The Commission is also concerned about the country's public school curriculum, which, according to the State Department, includes "derogatory remarks against minority religions, particularly Hindus and Jews," and the more general teaching that religious intolerance is acceptable. Moreover, there continue to be reports of incidents of persons being forcibly converted to Islam, including the case in December of last year in which three Hindu girls were reportedly kidnapped and pressed to change their religion.

In view of the severe religious freedom violations that exist in Pakistan, the Commission continues to recommend that Pakistan be designated a "country of particular concern," or CPC under the 1998 International Religious Freedom Act. We encourage you to urge Mr. Aziz to make serious and sustained efforts to promote and protect the religious freedom of all the citizens of Pakistan, including:

- to rescind laws that effectively criminalize the public practice of the Ahmadi faith in violation of the right to freedom of religion guaranteed in the Universal Declaration of Human Rights and the International Covenant on Civil and Political Rights;

-to implement procedural changes to the blasphemy laws that will significantly and genuinely reduce their abuse; and

- to take effective steps to prevent sectarian violence and punish its perpetrators, including disarming militant groups and any religious schools that provide weapons and other training.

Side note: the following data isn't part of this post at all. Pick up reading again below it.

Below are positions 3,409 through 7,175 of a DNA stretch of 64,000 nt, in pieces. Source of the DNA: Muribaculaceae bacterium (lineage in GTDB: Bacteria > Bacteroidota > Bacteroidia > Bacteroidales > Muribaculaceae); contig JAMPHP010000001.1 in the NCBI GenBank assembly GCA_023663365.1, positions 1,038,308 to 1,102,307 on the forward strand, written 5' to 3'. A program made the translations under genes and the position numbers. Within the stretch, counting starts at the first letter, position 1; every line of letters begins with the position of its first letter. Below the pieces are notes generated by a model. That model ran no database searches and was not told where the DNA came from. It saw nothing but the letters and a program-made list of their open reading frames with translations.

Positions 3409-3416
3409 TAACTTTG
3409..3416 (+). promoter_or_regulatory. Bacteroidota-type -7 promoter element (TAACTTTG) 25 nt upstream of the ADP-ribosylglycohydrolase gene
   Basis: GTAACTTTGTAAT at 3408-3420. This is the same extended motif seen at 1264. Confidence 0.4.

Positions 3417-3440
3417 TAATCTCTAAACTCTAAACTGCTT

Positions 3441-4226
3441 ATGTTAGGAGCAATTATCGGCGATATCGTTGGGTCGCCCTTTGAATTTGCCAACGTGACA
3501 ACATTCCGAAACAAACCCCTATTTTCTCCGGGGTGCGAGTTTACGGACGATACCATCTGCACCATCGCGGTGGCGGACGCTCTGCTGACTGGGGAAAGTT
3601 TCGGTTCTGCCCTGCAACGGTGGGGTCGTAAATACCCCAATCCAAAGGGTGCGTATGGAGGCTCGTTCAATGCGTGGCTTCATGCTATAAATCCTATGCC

Mr. President, we recognize the importance of the U.S.-Pakistan relationship and the strong ties between our two countries. Nevertheless, concerns about religious freedom and other human rights are a critical element of U.S. interests in Pakistan and should be prominent on the bilateral agenda. We hope that Prime Minister Shaukat Aziz's visit to Washington provides an occasion for a serious discussion of severe violations of religious freedom in Pakistan, the persistent problem of sectarian violence, and the need to promote democratic institutions and genuine religious tolerance among all religious communities.

Respectfully,

Michael Cromartie
Chair


The U.S. Commission on International Religious Freedom was created by the International Religious Freedom Act of 1998 to monitor the status of freedom of thought, conscience, and religion or belief abroad, as defined in the Universal Declaration of Human Rights and related international instruments, and to give independent policy recommendations to the President, the Secretary of State and the Congress.

Michael Cromartie,Chair
  • Felice D. Gaer,Vice ChairNina Shea,Vice ChairPreeta D. BansalArchbishop Charles J. ChaputKhaled Abou El FadlRichard D. LandElizabeth H. ProdromouBishop Ricardo RamirezAmbassador John V. Hanford III,Ex-OfficioJoseph R. Crapa,Executive Director